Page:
Normandy, June 6, 1944: A Gunners Mate Rises To The Challenge And Keeps The Allies Afloat
We all know the larger story of the Normandy Invasion that started with beach landings on the Normandy coast on June 6, 1944, otherwise known as D-Day. We know about the colossal struggles that went on that day on those beaches. We know about the monumental importance of that day in bringing about the beginning of the end for Hitler’s Third Reich and the horrors it had brought to the world. But on that day, each man experienced his own immediate, personal and intimate story of his own horror and of his own internal struggle for courage in the face of fear that day. This is one of those stories.
This video tells just one of those more immediate and more intimate stories. It is the story of a 19 year old, United States Coast Guard Gunners Mate 3rd Class, Frank DeVita. He was, as he will tell us, a skinny kid from Brooklyn who found himself in the middle of one of history’s biggest battles and one of the defining moments of WWII. He was trained as a Gunners Mate, but on that day, he was assigned to one of the Higgins Boats, the landing crafts that would bring the soldiers ashore to hit the beaches.
This is a harrowing story. It is as up-close-and-personal as they get. You will see, too, that the memory is still as vivid to him in his old age as it was to him that day so long ago when he was just 19 years old. The emotions are still as intense as they were that day and are right there on the surface as he tells his story so many decades later. What he saw and did that day is beyond the comprehension of most people. DeVita is a regular guy, the image of the common man. Listen as he very humbly tells of his own personal experiences and how he conducted himself throughout the long, bloody hours of that day.
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DeVita will tell you about the first trip into the beach, about the machine gun fire hitting the steel ramp of the Higgins Boat, and his hesitation to lower the ramp. He will tell you what he witnessed when the ramp finally did go down and his own intimate reactions to it all. He will tell you how he struggled with the horrors as they were unfolding all around him. He is not shy of telling us about his own inner dialogue, at one point questioning whether to get back into that Higgins Boat, number 28, or to stay aboard his ship. He did the calculus in his mind. If he didn’t go back, someone else would have to take his place and, if that man got killed, DeVita would have to live the rest of his life with that on his conscience.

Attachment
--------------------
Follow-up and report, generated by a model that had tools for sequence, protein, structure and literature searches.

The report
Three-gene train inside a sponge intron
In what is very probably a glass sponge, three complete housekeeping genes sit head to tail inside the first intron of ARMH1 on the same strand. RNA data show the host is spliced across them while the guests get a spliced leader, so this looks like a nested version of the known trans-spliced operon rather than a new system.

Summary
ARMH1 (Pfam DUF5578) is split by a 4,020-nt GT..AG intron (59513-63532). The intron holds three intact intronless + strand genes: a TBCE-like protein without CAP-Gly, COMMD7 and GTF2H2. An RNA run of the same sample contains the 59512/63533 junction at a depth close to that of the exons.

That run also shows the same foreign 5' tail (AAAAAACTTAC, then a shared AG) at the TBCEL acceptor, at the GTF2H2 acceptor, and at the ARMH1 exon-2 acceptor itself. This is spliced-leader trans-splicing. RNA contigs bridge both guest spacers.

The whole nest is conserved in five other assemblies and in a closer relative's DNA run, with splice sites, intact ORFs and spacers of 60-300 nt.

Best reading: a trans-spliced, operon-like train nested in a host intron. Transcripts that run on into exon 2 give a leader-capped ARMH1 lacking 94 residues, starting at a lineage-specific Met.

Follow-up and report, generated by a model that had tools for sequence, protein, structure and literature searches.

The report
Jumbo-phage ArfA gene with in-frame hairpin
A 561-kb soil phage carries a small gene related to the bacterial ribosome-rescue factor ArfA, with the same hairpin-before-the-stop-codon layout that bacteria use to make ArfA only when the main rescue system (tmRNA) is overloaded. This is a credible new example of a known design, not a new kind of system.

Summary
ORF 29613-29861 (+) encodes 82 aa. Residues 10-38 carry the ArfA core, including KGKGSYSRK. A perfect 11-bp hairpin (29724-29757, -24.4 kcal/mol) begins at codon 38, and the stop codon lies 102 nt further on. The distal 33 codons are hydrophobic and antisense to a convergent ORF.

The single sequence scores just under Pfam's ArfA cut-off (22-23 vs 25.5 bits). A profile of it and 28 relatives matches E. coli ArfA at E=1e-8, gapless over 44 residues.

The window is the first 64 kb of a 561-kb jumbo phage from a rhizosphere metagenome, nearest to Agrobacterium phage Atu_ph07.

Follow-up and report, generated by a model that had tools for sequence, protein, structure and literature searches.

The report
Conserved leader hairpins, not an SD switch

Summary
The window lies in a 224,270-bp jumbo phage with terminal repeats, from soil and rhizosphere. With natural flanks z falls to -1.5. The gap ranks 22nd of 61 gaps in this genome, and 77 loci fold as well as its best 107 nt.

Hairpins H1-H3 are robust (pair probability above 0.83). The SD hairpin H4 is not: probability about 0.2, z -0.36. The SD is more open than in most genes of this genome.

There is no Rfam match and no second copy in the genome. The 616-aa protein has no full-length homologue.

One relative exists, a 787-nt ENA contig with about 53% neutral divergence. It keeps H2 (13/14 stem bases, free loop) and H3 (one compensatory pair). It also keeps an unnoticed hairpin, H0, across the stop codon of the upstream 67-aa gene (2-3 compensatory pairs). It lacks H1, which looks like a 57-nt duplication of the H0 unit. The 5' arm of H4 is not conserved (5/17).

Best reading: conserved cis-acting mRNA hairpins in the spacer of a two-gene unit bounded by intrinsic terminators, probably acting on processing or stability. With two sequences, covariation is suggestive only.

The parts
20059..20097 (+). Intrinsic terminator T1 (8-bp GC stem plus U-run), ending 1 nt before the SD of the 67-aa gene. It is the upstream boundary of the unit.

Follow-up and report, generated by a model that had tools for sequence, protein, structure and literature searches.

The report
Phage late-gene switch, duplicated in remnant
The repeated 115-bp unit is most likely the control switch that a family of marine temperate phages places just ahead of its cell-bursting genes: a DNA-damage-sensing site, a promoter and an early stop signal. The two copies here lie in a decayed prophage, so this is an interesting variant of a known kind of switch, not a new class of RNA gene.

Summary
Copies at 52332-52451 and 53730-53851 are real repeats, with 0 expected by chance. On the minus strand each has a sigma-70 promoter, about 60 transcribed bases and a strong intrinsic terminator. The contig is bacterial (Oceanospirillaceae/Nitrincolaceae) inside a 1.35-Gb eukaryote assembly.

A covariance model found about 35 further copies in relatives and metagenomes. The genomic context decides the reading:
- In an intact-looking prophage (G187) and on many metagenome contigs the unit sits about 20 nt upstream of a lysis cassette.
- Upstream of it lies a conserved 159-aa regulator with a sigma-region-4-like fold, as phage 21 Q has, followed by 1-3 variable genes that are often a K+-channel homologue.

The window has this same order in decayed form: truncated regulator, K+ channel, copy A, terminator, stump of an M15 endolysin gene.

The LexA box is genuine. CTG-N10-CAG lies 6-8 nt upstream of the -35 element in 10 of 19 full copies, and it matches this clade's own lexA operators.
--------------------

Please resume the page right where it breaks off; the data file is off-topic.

DeVita did go back to his Higgins Boat and continued to take wave after wave of units from the Army’s 1st Infantry Division, The Big Red One, to the broad, sandy shores of Omaha Beach that day. He would go back and forth from his ship to the beach 14 times that day, watching those soldiers from his boat as they struggled ashore under such intense machine gun fire, so many of them falling to the gunfire while still on the boat, and in the waters before the beach and on the beach. Each time, the boat would pick up the dead and the wounded to return them to hospital ships or to his own ship, which had two doctors and six Corpsmen on board.
At the end of the day, they had taken 308 KIAs back to ships from the beaches.
This man and his story will hold your attention. He is a simple man who went through Hell on that one day and lived to tell us about it. He is one of those we have come to know as the Greatest Generation.
The Veterans Site honors the immense courage that each man who went ashore that day in June of 1944 on the beaches at Normandy. Coast Guard Gunners Mate 3rd Class Frank DeVita was just one of them, but his story brings that intimate struggle of that day to us these seven and a half decades later with a powerful intimacy. We offer the small token of our eternal thanks to Frank DeVita and all who fought, and died for the cause of freedom in WWII.